Students will demonstrate:

  • basic proficiency in the understanding and use of a foreign language;
  • knowledge of the distinctive features of culture(s) associated with the language they are studying.


The Department of Foreign Languages assessed 218 students in Spring 2007. Outcome 1 was assessed according to the proficiency standards of the American Council on the Teaching of Foreign Languages (ACTFL) and was fairly straightforward to measure numerically. Part of the final examination in FL 201 was earmarked for assessment of language usage skills; students were expected to perform at ACTFL novice-mid or higher.



Understanding and Use











Not Meeting



Observations from the Department of Foreign Languages

The main challenge associated with Outcome 1 was that it was not possible to designate common grammatical elements to be assessed across all languages. The grammatical concepts that students have learned by the end of Latin 201, for example, are not necessarily the same ones that students have learned by the end of Spanish 201. Therefore, the concepts to be tested were determined according to the language in question.

Outcome 2 presented a challenge because there is no widely-accepted agreement on how to measure "cultural knowledge" or "cultural awareness". In fact, there is no general agreement on what makes one cultural "fact" more "significant" than another. No institution has come up with a universally viable plan for assessing cultural competency. The best one can do in this regard is to remain constantly aware, when presenting cultural context in class, the knowledge of this type will ultimately have to be tested and quantified. The tendency to "teach to the test" will probably become significant, as has been the case with Regents and various other examinations.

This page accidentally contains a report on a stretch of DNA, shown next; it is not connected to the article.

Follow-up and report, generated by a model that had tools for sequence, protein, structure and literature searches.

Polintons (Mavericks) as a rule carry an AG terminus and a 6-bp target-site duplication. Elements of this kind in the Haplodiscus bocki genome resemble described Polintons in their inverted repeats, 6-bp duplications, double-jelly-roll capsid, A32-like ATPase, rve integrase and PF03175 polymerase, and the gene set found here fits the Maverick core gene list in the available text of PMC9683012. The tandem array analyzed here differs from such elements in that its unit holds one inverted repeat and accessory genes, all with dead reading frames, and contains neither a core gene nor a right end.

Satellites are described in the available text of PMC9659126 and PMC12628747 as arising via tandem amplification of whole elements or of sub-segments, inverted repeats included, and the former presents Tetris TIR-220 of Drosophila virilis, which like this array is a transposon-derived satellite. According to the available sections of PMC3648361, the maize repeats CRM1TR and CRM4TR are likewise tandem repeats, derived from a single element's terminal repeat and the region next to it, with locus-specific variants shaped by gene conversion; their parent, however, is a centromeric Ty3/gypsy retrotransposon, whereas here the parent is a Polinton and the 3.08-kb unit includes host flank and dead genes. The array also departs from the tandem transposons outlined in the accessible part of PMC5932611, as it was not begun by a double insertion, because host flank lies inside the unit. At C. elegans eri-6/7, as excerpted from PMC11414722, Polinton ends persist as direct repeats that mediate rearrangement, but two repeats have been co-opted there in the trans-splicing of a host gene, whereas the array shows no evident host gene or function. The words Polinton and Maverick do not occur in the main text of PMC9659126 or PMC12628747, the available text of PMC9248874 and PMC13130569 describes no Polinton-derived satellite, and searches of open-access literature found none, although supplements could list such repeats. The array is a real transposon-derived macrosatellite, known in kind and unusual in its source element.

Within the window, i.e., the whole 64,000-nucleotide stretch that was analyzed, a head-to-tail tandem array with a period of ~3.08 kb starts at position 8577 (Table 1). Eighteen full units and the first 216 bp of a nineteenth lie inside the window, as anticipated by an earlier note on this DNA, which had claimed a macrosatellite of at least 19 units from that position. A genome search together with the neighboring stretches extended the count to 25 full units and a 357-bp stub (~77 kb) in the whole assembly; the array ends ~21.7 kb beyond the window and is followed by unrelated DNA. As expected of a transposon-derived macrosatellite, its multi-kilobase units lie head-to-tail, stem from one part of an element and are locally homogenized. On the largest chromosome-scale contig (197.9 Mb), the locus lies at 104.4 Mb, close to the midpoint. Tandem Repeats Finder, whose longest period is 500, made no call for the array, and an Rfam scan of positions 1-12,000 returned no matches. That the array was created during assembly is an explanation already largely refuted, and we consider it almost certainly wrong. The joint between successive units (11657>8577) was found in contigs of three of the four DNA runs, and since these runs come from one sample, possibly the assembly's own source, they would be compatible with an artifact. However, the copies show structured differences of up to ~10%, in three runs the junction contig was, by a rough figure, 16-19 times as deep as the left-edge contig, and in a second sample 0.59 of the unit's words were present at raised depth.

Another challenge with respect to Outcome 2 is that our department deals in eight different languages. While students may be able to express culturally-related concepts in the target language for some languages (e.g., Spanish, French, Italian), they might have trouble doing so in languages that are considered more difficult for anglophones (e.g., Russian, Chinese). Also, as in the case with Latin, the concentration is in reading of a language that is no longer spoken. Furthermore, some textbooks present cultural information in English. In an effort to account for these issues, students taking Latin and Russian 201 were allowed to write in English about the culture associated with the particular foreign languages they were studying.

Based on instructor feedback, it seems that the department would benefit from meetings in which strategies for the integration of the cultural element, as material to be tested, and the assessment process is discussed. This would greatly aid the adjunct faculty who are new to our assessment procedure. It is recommended that this be done at the beginning of the academic school year.

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